Please check the download pdf link : This XML file does not appear to have any style information associated with it. The document tree is shown below.

Caleb S.

A simple piece of toast can be dry but scrape some butter on, serve it next to an omelet stuffed with greatness and you all of a sudden have a good go to, to mix up the flavor array. Take it a step further and put some strawberry jam on that shit! Do yourself the flavor. If you don't like strawberry jam, well there is always grape jelly!

Rich C.

I often think of films that would have been so much better with even just a dash of appropriate humor. Dune, for example. Another is The Legend of Hell House. They seemed so needlessly grandiose. Some right chuckles in the right spots might have brought them down to earth and made them seem human.

Kevin L.

I concur that humour has a place in all writing and that without it, any work, no matter how dark or serious or tragic it takes itself to be, is incomplete. I read “Of Course” today, from Shirley Jackson’s first short-story collection, and this one line made laugh out loud at length and tied the story together: “Mrs. Tylor recognized finally the faint nervous feeling that was tagging her; it was the way she felt when she was irrevocably connected with something dangerously out of control: her car, for instance, on an icy street, or the time on Virginia’s roller skates….” It might not seem funny out of context like this. But Jackson was so good at building up humour when she wanted to, and often found room for it even in her most devastating works of horror or her most subtly haunting pieces underscoring social issues. She had building the tension and when she depoyed this line, it articulated uneasy feelings of my own from recent social experiences which found release in laughter.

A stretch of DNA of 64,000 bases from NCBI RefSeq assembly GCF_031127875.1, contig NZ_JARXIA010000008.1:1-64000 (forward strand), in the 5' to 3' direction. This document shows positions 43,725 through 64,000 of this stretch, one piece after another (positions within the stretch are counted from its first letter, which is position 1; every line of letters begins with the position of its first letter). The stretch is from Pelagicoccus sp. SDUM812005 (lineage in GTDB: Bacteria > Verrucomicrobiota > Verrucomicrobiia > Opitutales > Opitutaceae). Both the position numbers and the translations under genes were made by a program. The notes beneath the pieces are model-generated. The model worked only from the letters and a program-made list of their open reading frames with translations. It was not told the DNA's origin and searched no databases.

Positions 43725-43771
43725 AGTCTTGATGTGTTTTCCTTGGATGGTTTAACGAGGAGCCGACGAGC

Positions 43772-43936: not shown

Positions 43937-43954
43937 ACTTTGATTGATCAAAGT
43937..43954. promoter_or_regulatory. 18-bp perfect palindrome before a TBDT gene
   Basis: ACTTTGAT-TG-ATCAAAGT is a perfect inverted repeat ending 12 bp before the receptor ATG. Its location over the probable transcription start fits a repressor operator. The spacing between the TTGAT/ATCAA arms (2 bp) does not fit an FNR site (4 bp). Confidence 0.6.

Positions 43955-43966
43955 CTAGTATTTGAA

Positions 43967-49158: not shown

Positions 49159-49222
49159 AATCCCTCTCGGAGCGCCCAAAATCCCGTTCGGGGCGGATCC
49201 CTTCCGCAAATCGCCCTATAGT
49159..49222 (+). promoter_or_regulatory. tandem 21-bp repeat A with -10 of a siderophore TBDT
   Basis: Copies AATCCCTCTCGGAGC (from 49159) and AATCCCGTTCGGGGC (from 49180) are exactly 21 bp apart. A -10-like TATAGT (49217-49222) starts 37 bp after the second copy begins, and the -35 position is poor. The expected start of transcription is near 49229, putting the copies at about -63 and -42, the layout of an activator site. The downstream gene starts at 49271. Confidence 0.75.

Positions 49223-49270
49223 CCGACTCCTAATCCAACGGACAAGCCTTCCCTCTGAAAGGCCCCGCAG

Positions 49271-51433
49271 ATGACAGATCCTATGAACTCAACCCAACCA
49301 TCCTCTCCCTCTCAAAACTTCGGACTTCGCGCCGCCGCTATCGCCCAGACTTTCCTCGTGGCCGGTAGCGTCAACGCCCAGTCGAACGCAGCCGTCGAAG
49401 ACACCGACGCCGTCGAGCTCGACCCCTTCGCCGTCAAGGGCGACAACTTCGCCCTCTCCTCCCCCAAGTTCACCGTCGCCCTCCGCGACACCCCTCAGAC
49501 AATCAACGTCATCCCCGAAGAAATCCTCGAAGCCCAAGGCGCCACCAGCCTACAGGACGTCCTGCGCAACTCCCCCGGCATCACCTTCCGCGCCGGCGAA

D. R.

Oh, this is so vital for me. My wife tells me (almost daily) that I "am not funny." Granted most of the time, she's right, but I feel like humor is extremely important to a piece of literature that truly holds up. I need it--even if it is subtle--to ring out. Here Neil makes me think that--even I--can be funny, however limited I may find it. Something as simple as word order and words that sound funny or may just be unexpected made this lesson really tangible.